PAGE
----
Supervalu abruptly ousted Chief Executive Craig Herkert on Monday, three years into his unsuccessful effort to turn around the lumbering grocery giant with deep Minnesota roots.

Herkert's departure comes less than three weeks after the company, owner of Cub Foods and one of the largest U.S. grocery operators, put itself up for sale and announced other strategic moves. The company's financial vital signs progressively weakened during his tenure as it fought a losing battle against lower-priced rivals.

"This [was] hardly a surprise, in our view, following the wide-ranging changes announced on 7/11," Cantor Fitzgerald stock analyst Ajay Jain wrote in a research note Monday.

Herkert has been replaced by Wayne Sales, Supervalu's non-executive chairman, whose résumé highlights include leading a turnaround at one of Canada's largest retailers.

Sales' prescription to revive Eden Prairie-based Supervalu -- speeding up supermarket price cuts and slashing costs -- looks an awful lot like what Herkert announced July 11, the same day Supervalu put itself up for sale and suspended its dividend.

But the board apparently didn't see Herkert, 52, as the right person to execute the strategy. Company spokesman Mike Siemienas said the board made the decision Sunday to replace Herkert, effective immediately.

Jain said Herkert's exit was "somewhat inevitable," given Supervalu's recent terrible financial performance, and the decline in its stock to 30-year lows. It was around $16 when Herkert took over in May 2009 and closed Monday at $2.24, up 25 cents or 12.6 percent.

Herkert couldn't be reached for comment, and Supervalu declined to make Sales available. In a letter to Supervalu employees, Sales said the company "must take significant costs out of the business," though he didn't say if he meant beyond recently announced cuts of $250 million. "Today we are doing many things that are not business critical, are of low value or are not focused on driving sales or profitability."

Sales also tried to reassure employees. "I have spent most of my professional career working with and leading retail and non-retail companies through a variety of difficult situations," he wrote.

Sales, who has 35 years of experience in retail, became a Supervalu director in 2006 and non-executive chairman of the board in 2010. The 62-year-old was named earlier this month to head Supervalu's strategic review process -- i.e., to shop the company.

He is the retired vice chairman and former CEO of Canadian Tire, a general merchandise retailer and Canada's largest independent gasoline seller. In his tenure from 2000 to 2006, the company expanded and its stock price tripled, despite competition from Wal-Mart, Home Depot and others.

Sales wrote to Supervalu employees that he sees a number of similarities between Supervalu now and Canadian Tire when he joined it.

To concentrate on Supervalu, Sales is resigning from the boards of Discover Air and Georgia Gulf Air. He intends to "devote himself to the successful turnaround of Supervalu," Siemienas said. Sales, who resides in Florida, will be based out of the Twin Cities as Supervalu's CEO, he said.

The company has 8,700 employees in Minnesota, including at Cub stores, its distribution facilities in Hopkins and its corporate campus in Eden Prairie. About 3,000 of those 8,700 jobs are corporate jobs, including some at Cub's main office in Stillwater.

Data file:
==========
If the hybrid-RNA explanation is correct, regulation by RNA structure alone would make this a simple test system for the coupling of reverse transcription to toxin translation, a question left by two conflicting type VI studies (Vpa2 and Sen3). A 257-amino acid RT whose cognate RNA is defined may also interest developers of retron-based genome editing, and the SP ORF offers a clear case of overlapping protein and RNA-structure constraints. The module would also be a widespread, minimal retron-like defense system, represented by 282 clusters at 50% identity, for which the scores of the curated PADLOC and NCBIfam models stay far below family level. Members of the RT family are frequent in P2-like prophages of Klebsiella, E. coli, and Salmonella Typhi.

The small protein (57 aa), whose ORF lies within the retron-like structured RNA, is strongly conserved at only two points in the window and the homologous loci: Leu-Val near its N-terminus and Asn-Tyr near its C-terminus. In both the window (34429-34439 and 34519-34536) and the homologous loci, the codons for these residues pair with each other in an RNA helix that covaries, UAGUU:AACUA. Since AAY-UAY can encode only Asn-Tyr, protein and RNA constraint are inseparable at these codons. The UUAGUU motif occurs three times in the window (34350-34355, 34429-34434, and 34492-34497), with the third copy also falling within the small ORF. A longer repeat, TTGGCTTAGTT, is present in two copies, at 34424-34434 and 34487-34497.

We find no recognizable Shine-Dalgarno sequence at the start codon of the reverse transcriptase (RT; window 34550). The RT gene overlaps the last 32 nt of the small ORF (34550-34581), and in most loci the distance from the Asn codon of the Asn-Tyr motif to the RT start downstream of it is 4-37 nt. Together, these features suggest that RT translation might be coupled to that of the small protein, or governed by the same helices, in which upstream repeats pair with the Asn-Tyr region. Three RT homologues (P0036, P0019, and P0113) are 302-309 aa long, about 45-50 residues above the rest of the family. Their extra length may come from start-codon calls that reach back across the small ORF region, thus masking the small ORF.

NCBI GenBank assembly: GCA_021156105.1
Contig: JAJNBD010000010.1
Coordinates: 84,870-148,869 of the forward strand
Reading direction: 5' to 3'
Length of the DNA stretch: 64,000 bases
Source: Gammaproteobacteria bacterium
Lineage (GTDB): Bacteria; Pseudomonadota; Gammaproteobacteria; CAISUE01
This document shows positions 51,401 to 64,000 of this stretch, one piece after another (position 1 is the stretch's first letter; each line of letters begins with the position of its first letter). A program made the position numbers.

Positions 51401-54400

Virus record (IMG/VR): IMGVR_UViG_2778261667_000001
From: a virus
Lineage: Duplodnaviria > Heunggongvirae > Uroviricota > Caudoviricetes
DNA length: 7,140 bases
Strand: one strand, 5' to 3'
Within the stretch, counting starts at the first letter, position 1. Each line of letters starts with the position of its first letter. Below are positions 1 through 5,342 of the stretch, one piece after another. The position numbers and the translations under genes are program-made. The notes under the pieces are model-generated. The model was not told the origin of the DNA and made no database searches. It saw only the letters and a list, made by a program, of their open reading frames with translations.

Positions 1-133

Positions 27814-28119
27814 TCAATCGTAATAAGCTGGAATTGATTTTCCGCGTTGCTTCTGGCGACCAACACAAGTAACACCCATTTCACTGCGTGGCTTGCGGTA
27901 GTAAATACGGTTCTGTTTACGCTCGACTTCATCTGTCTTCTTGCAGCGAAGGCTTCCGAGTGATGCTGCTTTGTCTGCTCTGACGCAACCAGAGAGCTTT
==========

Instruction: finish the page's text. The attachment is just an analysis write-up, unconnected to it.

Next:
One analyst wrote that Sales appears to be a steward, not a long-term chief.

The fact that Sales, "whose background is in other areas of retail, but comprises some turnaround experience, assumed the role of CEO implies that this move is temporary and strategic in nature," wrote Jonathan Feeney, a stock analyst at Janney Capital Markets.

Also, Herkert's continued presence at Supervalu "raised governance issues" that could "deter any external interest in Supervalu's assets," Feeney wrote. "While this move alone doesn't inspire confidence, it removes a key perceived hurdle in the company's review of strategic options."

Jain wrote that it is "increasingly likely that some type of break up of the integrated business is likely and will result in some asset disposals."

Taking on debt

Supervalu is looking to possibly break up what was created in 2006 by Herkert's predecessor, Jeff Noddle, when he engineered the $12 billion acquisition of Albertsons. The deal turned Supervalu from a firm known more as a wholesaler into a retail giant that now has 11 chains across the country.

But it saddled the company with a lot of debt, and a tanking economy and intensifying competition from discounters such as Wal-Mart increasingly took their toll. Supervalu didn't have the resources to adequately freshen up its stores or reduce a sizable price gap with competitors, analysts say.

"Mr. Herkert inherited a very troubled situation following the Albertsons acquisition in 2006," Jain wrote. However, "the lack of retail turnaround expertise in Supervalu's management team also has exacerbated the structural issues related to" stores gained through the Albertsons' deal.

Janney's Feeney wrote that "some of Herkert's numerous turnaround efforts had strategic merit," ... but "Herkert's policies essentially nipped around the edges of [Supervalu's] inherent competitive disadvantages."

In a July 19 interview with the Star Tribune, Herkert acknowledged that Supervalu hasn't moved quickly enough to reduce prices to halt its long downward spiral in sales and market share.

But he was encouraged by recent board actions -- including a key debt refinancing and $250 million in operational cost cuts -- that would allow him to accelerate Supervalu's price-cutting initiative.

Herkert told the Star Tribune the board had given him a timeline to accomplish the strategy. But it seems to have been cut short.

Star Tribune staff writer Dee DePass contributed to this report. Mike Hughlett • 612-673-7003